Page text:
But a probabilistic forecast is not a specific prediction. We don't know whether this devastating earthquake will occur tomorrow, 30 years from now, or even beyond that. But it will happen, and it behooves us to be prepared. The basic problem is that emergency preparation is truly boring and therefore requires discipline, diligence, and persistence. It's easy to get energized about emergency preparedness in the wake of a Katrina or Rita disaster, but human nature is such that this enthusiasm decays rapidly as attention gets diverted to more immediate concerns.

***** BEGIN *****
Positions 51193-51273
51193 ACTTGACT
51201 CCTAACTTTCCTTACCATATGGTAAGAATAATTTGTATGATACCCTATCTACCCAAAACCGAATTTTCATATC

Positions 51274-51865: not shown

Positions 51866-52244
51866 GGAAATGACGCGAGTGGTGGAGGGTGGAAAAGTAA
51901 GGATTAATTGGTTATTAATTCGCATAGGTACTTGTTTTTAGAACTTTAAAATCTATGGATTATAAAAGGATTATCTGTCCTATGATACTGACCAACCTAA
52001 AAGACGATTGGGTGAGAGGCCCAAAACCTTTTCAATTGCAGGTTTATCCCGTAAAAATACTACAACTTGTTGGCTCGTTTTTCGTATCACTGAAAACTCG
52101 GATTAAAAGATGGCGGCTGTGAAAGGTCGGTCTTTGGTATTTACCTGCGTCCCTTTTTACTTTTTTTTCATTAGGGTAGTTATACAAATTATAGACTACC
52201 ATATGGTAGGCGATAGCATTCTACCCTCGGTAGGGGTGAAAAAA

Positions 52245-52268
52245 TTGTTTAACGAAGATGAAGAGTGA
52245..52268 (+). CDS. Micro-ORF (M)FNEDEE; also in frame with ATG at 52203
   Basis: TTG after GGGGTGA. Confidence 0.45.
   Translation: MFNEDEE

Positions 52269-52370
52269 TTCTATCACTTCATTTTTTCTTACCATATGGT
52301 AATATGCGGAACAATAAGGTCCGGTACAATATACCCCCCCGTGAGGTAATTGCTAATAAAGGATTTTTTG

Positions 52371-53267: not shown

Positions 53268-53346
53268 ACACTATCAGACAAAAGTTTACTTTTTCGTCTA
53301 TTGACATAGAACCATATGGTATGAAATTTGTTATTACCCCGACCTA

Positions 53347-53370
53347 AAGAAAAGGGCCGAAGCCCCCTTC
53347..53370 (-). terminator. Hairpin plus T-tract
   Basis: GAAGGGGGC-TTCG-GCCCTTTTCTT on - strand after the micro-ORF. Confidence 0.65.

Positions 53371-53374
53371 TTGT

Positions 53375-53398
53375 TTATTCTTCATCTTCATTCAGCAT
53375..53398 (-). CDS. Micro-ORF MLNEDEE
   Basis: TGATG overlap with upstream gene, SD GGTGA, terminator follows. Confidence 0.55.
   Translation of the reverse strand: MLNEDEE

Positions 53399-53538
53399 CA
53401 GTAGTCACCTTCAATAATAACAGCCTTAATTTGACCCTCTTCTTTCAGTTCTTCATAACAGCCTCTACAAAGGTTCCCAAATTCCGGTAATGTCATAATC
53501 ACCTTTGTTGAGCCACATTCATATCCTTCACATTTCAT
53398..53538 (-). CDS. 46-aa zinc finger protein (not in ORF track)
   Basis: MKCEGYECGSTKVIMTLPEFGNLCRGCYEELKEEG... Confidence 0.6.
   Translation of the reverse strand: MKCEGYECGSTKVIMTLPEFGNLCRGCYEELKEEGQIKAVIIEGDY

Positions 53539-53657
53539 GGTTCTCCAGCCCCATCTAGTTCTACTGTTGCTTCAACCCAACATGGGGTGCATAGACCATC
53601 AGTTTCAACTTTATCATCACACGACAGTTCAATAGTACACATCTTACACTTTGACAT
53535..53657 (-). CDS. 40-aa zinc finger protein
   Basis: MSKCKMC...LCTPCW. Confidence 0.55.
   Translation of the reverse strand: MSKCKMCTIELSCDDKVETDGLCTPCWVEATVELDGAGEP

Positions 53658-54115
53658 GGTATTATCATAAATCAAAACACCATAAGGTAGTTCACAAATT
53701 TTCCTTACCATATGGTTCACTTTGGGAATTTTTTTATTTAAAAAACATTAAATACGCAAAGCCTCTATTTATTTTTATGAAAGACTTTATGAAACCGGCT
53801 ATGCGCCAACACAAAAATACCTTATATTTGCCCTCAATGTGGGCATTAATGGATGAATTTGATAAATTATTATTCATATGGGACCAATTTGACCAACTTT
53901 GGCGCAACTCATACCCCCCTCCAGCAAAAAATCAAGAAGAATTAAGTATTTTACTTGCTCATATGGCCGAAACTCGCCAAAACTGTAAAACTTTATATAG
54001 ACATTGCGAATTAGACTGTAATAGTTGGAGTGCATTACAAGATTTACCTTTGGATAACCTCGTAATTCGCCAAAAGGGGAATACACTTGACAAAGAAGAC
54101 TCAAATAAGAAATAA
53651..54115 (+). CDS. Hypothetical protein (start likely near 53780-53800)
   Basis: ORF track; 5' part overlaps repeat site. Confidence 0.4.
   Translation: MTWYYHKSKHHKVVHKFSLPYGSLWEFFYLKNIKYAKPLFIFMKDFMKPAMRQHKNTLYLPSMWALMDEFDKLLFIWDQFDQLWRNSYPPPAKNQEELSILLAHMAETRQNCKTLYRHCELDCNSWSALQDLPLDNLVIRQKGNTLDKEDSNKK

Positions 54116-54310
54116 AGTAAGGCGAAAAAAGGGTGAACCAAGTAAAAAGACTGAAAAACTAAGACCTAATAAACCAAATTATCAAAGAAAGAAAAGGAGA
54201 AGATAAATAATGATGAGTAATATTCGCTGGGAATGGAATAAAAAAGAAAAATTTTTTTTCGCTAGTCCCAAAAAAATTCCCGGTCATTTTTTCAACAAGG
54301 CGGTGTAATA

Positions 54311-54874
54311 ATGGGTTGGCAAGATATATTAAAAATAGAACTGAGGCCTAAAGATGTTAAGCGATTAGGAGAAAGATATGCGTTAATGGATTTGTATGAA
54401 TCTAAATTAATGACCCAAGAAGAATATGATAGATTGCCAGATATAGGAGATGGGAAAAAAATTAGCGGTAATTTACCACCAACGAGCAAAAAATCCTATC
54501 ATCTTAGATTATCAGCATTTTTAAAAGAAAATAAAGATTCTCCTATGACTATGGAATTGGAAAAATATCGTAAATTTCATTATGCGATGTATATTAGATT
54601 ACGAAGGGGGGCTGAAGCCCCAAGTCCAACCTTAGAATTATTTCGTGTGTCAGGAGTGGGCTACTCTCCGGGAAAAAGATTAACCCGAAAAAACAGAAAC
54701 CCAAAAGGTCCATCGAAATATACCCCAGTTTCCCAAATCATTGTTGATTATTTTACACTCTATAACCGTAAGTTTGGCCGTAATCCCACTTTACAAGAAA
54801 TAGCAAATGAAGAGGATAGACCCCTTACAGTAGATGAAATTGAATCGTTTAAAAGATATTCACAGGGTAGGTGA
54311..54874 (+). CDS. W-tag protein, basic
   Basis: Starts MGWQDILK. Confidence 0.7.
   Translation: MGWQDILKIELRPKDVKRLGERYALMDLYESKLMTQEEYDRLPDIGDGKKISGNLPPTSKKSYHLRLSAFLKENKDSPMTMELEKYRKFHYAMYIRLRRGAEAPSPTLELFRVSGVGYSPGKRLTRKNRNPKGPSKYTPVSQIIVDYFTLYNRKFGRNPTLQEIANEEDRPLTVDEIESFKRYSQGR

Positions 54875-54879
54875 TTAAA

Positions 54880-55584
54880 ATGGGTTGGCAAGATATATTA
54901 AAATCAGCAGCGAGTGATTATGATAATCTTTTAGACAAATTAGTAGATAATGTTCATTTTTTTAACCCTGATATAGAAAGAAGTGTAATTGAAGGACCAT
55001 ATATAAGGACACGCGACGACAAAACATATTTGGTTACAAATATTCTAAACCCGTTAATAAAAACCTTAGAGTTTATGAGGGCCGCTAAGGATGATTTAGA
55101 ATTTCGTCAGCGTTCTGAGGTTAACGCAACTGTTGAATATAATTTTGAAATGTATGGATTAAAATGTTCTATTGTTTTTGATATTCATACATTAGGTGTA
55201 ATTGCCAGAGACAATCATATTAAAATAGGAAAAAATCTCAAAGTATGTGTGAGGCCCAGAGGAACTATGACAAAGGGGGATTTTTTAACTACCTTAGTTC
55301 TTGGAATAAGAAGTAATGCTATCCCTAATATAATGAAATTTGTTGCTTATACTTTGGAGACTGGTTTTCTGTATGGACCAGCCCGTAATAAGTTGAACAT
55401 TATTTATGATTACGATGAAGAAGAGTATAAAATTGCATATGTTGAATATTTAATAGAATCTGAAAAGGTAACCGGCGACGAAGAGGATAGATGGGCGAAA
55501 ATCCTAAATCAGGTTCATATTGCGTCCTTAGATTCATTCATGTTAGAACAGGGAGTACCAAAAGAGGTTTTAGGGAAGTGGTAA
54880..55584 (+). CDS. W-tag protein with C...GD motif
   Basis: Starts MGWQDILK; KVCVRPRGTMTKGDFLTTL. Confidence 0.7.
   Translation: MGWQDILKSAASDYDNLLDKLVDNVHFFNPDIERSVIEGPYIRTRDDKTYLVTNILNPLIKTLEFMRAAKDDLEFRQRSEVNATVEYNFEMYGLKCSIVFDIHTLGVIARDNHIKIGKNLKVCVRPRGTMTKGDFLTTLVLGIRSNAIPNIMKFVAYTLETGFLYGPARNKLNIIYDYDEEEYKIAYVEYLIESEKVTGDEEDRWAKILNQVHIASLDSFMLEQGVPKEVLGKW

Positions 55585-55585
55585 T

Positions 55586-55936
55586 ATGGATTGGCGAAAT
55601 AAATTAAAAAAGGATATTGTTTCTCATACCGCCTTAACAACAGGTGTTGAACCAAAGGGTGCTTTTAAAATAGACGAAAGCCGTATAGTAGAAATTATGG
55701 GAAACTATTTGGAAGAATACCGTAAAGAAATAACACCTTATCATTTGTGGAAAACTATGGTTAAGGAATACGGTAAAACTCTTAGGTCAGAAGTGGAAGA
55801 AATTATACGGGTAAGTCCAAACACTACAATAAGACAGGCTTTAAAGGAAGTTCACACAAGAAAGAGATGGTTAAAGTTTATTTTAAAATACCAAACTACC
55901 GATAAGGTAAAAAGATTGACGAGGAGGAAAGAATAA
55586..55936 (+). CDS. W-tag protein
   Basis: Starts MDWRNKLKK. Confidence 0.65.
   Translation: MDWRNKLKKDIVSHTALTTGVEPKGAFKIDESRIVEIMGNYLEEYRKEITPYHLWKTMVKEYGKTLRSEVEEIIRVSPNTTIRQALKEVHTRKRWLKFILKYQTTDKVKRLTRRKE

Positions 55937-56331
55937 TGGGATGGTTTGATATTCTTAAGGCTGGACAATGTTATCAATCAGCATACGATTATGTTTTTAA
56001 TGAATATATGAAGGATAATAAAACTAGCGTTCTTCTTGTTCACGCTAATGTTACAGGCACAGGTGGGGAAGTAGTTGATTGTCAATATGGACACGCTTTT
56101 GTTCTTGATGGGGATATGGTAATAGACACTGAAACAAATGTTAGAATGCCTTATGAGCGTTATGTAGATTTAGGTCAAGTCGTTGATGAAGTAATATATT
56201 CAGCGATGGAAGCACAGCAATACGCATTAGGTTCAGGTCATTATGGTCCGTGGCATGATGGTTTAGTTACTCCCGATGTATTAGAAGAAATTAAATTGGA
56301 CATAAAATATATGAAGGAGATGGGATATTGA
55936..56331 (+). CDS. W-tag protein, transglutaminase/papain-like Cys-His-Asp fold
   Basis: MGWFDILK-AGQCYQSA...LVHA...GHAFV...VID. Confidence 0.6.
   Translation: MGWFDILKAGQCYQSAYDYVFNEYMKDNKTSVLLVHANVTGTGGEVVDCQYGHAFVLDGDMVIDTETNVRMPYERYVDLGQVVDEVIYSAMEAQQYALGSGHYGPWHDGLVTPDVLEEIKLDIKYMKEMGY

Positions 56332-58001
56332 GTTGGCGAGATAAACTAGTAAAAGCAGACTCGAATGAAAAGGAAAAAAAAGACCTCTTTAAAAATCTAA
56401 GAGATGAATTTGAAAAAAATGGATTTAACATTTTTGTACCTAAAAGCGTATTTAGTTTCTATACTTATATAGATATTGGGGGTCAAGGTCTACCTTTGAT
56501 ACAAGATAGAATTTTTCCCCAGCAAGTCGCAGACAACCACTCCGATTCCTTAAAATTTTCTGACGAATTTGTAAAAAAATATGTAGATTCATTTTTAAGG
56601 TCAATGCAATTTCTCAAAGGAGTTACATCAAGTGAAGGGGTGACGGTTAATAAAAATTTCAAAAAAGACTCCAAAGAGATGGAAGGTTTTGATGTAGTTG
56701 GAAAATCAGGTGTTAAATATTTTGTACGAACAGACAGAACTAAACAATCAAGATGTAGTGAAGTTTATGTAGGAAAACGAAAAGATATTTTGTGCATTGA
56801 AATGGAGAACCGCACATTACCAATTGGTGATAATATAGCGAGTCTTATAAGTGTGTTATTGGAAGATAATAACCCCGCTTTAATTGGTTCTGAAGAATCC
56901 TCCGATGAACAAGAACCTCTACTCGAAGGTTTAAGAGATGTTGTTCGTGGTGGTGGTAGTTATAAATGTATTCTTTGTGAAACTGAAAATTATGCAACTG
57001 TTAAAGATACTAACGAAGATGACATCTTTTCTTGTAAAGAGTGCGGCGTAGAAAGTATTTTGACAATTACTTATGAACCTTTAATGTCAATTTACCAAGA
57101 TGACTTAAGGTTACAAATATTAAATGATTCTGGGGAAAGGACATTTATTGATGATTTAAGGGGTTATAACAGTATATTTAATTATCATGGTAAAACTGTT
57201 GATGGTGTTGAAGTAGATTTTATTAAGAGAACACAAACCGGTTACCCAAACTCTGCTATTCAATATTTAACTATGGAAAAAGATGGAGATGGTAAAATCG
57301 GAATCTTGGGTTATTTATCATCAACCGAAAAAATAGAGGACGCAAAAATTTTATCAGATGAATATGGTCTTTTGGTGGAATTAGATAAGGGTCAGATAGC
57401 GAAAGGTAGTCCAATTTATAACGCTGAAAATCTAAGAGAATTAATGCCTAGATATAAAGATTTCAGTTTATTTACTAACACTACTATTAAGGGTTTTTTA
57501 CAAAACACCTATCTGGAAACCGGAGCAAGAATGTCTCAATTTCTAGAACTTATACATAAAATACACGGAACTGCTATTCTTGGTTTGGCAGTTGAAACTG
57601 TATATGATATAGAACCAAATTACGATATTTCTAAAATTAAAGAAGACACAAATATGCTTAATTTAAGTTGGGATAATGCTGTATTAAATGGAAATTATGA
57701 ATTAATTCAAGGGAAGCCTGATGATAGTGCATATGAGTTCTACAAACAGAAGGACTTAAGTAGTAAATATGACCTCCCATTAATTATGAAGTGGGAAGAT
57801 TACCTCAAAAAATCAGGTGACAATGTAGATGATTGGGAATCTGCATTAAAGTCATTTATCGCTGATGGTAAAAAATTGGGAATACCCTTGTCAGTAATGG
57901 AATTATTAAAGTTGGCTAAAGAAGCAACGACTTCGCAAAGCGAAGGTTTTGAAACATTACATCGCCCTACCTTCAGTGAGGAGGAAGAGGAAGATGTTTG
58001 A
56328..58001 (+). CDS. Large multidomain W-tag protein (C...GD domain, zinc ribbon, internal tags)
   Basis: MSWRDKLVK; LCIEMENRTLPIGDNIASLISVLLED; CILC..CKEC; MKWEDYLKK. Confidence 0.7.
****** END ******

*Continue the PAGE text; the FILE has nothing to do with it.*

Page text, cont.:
So what can we do to maintain our community's ability to respond to a major disaster? Three things come immediately to mind: (1) recognize that your household will be on its own after a major disaster, and be prepared to provide for your basic needs (particularly water) for several days to a week, (2) train yourself to respond effectively to a disaster by taking Red Cross or PANDA courses in emergency preparedness (see below), and (3) engage in the political process to insure that our elected City, State, and Federal representatives provide leadership and financial support for emergency preparedness programs. With regard to item 3, note that emergency preparedness involves not only planning and training before the event, but also response, recovery and rebuilding after the event. In Katrina there were acknowledged failures in all phases, but the failures in recovery and rebuilding will have the most long-lasting effects. We need to insure that similar failures do not occur in the Bay Area after our "Katrina" earthquake hits.